“Find the things in life that make you cry. That makes you feel. Because they’re what make you human.”

  • Joseph Adama, in the show Caprica

Character is shaped by families, schools, and cultures, including art, literature, religion, and philosophy. Although our unique character is deeply embedded in each of us, character is learned and thus grows and changes with experience over time, intention, and influence. Character shows in our morality, integrity, choices, and courage to do the right thing. Character is destiny: Your values and beliefs frame how you see the world, shape your thoughts and choices, and, over time, forge your destiny.

A primary value of American national character is expressed in the U.S. motto: “e Pluribus Unum,” out of many, one. Diversity is our strength economically and socially. Responsible capitalism brings out the best in us to solve economic problems and has built the most robust economy on Earth. This applies culturally as well. America has a tradition of welcoming immigrants who bring the best of their cultures to ours, and by adopting the best of the best, we all benefit. David Brooks on the Importance of Character: https://youtu.be/tcyvzjfrT_U

Foundations, principles, and values

What is good character? Character is the ‘mystery’ ingredient of a vibrant and healthy democracy, which cannot be legislated and can only be developed and nurtured by each of us. Character includes our values and morals learned from experience, family values, authors and teachers, and philosophies and religions. Character includes our values and standards: the criteria and filters guiding our choices and actions. Character is what we look for in the mirror when we judge ourselves.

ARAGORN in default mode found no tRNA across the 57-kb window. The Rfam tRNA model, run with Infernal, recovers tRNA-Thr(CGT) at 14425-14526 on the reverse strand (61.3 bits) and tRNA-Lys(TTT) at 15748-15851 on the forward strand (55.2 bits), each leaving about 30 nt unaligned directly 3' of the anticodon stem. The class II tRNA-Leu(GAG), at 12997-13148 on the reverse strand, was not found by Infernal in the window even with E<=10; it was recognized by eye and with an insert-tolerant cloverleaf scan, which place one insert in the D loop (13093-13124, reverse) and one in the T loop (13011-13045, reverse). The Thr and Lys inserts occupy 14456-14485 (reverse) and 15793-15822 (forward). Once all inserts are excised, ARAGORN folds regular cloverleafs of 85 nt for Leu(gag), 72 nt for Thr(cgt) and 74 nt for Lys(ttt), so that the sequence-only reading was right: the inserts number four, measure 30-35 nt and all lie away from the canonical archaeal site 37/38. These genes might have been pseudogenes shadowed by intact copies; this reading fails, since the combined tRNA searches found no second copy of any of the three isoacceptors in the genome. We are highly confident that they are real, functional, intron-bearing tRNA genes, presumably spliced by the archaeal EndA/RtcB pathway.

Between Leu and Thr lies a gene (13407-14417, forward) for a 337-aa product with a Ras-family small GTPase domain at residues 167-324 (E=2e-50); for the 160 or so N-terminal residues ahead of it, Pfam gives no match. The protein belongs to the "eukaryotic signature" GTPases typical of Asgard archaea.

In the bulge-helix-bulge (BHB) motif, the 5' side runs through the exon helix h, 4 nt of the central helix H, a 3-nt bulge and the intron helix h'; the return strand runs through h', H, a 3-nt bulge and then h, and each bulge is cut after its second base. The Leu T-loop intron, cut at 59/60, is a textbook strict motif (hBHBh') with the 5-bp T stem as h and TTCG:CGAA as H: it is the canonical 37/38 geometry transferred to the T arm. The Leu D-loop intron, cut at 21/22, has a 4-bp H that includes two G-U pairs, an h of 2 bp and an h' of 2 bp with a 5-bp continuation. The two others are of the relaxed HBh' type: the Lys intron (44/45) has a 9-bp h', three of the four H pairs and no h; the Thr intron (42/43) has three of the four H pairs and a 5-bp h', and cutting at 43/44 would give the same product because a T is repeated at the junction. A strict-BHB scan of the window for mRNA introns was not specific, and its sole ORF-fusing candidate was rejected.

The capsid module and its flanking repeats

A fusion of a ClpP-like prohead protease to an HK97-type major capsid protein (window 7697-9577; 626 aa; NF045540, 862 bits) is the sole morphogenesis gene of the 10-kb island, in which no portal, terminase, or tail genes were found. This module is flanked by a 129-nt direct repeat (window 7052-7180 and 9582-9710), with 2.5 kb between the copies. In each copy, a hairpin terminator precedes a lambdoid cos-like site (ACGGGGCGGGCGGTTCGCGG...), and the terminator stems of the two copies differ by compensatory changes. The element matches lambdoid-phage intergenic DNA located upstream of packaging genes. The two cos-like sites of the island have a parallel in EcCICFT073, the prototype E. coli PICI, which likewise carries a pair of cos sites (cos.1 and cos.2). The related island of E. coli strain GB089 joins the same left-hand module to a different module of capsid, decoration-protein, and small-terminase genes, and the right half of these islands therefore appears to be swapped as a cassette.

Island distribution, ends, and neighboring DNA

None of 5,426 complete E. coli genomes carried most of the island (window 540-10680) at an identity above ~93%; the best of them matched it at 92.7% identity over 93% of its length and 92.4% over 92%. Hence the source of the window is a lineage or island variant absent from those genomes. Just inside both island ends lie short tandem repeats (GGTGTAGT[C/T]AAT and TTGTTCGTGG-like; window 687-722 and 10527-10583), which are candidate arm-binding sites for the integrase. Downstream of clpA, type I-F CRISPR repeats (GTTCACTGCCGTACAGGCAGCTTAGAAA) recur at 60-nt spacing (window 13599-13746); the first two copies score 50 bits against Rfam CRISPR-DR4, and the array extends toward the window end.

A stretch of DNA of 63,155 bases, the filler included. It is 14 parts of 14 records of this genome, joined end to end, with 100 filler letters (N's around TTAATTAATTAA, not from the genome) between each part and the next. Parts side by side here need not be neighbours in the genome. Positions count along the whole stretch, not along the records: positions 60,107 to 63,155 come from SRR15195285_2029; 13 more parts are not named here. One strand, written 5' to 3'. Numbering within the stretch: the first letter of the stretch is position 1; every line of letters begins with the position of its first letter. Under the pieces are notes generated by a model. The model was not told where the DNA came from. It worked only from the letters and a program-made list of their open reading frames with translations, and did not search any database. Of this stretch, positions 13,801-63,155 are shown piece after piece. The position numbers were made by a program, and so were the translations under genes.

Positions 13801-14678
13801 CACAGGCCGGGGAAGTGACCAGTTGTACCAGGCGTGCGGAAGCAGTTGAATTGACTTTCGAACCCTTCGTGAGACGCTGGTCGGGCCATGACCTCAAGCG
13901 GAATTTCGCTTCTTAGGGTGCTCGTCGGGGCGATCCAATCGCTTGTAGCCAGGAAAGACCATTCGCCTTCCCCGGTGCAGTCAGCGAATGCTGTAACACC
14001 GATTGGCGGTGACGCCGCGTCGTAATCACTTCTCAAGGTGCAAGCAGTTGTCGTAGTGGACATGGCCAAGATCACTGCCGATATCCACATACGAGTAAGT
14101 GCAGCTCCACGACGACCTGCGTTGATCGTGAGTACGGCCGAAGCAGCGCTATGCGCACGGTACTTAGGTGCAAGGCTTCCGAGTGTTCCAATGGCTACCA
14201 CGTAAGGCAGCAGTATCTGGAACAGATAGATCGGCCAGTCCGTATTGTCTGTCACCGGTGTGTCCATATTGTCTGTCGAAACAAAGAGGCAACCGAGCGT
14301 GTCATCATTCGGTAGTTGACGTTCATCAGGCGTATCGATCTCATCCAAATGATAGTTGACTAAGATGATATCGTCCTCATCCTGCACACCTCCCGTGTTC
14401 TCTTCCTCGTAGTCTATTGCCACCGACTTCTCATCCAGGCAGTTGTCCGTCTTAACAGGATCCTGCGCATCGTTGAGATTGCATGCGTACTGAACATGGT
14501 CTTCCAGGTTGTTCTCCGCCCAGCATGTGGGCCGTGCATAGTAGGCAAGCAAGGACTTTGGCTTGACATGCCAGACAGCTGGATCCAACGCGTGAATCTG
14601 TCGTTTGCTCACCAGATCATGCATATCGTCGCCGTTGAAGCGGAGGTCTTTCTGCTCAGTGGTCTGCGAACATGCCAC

Character does not develop in isolation. Character develops through experiences that challenge us and test us. The experiences that test us and make us grow in character include problem and conflict resolution, work experience, parenting, managing, leading, reading, and studying outside our comfort zone. Character growth is difficult; we are occasionally confronted with realities that don’t fit our views. So, if we can act with integrity and be honest with ourselves, we will grow. If not, we stagnate. Since time marches forward and situations evolve, why not lean into growth and life? Each day is new; keep starting.

Our character also develops with exposure to art and culture: we are shaped by stories and moved by beauty. Art and culture abound in our society. We all have favorite songs, shows, books, comedians, and influencers that show us our faults and guide us to who we are. These are our favorites because they teach us what we hold close to. They help us define ourselves and show us new ways of being. Reading literature and biographies, movies, and streaming shows lets us ‘try on’ the lives of others, allowing us to adopt for ourselves the ideas and worldviews of those who have gone before us. We are influenced by each other; we are all social learners.

Status: Issues & Challenges